Tooth complications. Front teeth with their single roots and canals are much easier to access and treat than a back molar with an intricate root canal network. Root canals can also be extremely narrow making them easy to miss during treatment. In cases like this the expertise and advanced equipment of an endodontist (a specialist in root canal treatment) could help increase the odds of success in complex situations.

The aging process. Teeth do wear over time and become more brittle, making them increasingly susceptible to fracture. A previous root canal treatment on an aging tooth might also increase the fracture risk. To avoid this, it’s important for the tooth to receive a crown after the procedure to protect the tooth not only from re-infection but undue stress during chewing. In some situations, we may also need to place a post with a bonded composite buildup within the tooth to give it extra support.

Even if a tooth has these or similar complications, a root canal treatment may still be advisable. The benefits for preserving a decayed tooth often far outweigh the risks of re-infection.

If you would like more information on root canal treatments, please contact us or schedule an appointment for a consultation. You can also learn more about this topic by reading the Dear Doctor magazine article “Root Canal Treatment.”

By Marcia Martinez, D.M.D.
August 03, 2020
Category: Oral Health
Tags: Family Dentistry  

Do you want to keep your dental care simple by having one dentist for the whole family? You can if you visit Dr. Marcia Martinez in Orlando FL. She offers full dental services to patients of all ages and is dedicated to making your smiles last.

The Benefits of Having a Family Dentist

  • Convenience and ease: Because you have a busy schedule, every minute of the day is valuable to you and your family. Having a family dentist in Orlando for everyone simplifies your commitment to your oral health. It can mean fewer dental visits, which saves you time and money.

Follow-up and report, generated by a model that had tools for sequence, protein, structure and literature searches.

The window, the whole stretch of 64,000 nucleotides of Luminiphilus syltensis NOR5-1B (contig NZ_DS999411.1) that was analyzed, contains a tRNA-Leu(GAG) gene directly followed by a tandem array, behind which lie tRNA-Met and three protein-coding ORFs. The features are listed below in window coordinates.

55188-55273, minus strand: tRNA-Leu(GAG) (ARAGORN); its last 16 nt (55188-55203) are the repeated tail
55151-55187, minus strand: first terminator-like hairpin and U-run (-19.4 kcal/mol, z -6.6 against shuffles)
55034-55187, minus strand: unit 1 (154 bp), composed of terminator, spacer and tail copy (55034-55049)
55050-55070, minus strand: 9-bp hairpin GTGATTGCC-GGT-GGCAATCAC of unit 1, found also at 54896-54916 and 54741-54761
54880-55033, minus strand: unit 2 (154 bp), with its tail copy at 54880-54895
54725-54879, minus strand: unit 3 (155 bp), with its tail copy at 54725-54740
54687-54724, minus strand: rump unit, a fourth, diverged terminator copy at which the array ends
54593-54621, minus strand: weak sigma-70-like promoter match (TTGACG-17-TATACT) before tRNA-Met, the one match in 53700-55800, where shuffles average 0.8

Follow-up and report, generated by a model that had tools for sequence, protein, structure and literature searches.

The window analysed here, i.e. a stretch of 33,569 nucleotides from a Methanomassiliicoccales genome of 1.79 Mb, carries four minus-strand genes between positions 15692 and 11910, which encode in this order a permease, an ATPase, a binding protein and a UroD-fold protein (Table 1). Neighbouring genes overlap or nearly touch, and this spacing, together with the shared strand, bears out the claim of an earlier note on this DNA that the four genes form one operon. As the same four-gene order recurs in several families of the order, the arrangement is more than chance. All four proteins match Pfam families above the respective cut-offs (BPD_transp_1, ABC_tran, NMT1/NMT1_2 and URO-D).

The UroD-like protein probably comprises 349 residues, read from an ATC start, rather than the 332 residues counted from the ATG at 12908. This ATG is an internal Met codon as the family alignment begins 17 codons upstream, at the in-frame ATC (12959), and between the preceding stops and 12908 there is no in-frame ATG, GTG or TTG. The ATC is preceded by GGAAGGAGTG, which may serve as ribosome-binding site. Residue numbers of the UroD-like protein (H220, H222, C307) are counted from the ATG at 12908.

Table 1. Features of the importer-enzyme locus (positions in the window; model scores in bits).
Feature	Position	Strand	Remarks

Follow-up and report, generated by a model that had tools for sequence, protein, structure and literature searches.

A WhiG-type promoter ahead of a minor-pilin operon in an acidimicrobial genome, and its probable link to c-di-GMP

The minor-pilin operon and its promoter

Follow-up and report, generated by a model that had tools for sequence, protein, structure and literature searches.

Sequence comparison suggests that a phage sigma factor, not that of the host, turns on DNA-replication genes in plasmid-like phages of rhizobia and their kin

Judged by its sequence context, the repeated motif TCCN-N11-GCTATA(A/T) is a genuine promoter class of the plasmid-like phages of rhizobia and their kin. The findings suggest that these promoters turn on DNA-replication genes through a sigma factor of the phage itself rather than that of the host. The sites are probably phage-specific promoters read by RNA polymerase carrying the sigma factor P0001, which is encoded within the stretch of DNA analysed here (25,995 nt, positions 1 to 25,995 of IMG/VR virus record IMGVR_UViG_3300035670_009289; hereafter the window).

• Building a rapport: When the whole family goes to the same office, it’s much easier to build a strong relationship with your dentist. You children can feel comfortable with central visits right from the start and through their adult life.
  • Care and comfort: Care and comfort are the foundations of Dr. Martinez's Orlando practice, where you and your family will be treated with kindness and respect whatever your age. Preventive care is the mainstay of their services, which means that you and your family will get routine examinations and cleaning. Family dentist Orlando residents like to schedule their six-monthly appointments in advance, so they never miss a check-up.
  • Reliable tracking: Because all the information about your family’s dental health in the same place, it makes tracking down any details very simple. That means you can keep track of your treatment and your child’s dental development.
  • Setting a good example: The last thing you want is for your child to feel anxious about going to the family dentist in Orlando. When they see you sitting in the dental chair, it becomes a positive experience for them.

If you live in Orlando FL and you’re looking for a family dentist, call Dr. Marcia Martinez at (407) 273-6620.

By Marcia Martinez, D.M.D.
July 31, 2020
Category: Dental Procedures
Tags: dental implant  
YourQuestforaDentalImplantMightBeInterruptedbyBoneLoss

Years ago, disease or trauma robbed you of one of your teeth. At the time you might have opted for an affordable solution, like a partial denture. But now you'd like to restore that missing tooth with a dental implant, the most life-like tooth replacement available.

That's a great decision. But there may be a hiccup along the way to your new implant: the state of the underlying jawbone. Implants need a certain amount of bone for proper placement. If not enough is present, that may cause an interruption in your plans—and that could be a real possibility if your tooth has been missing for some time.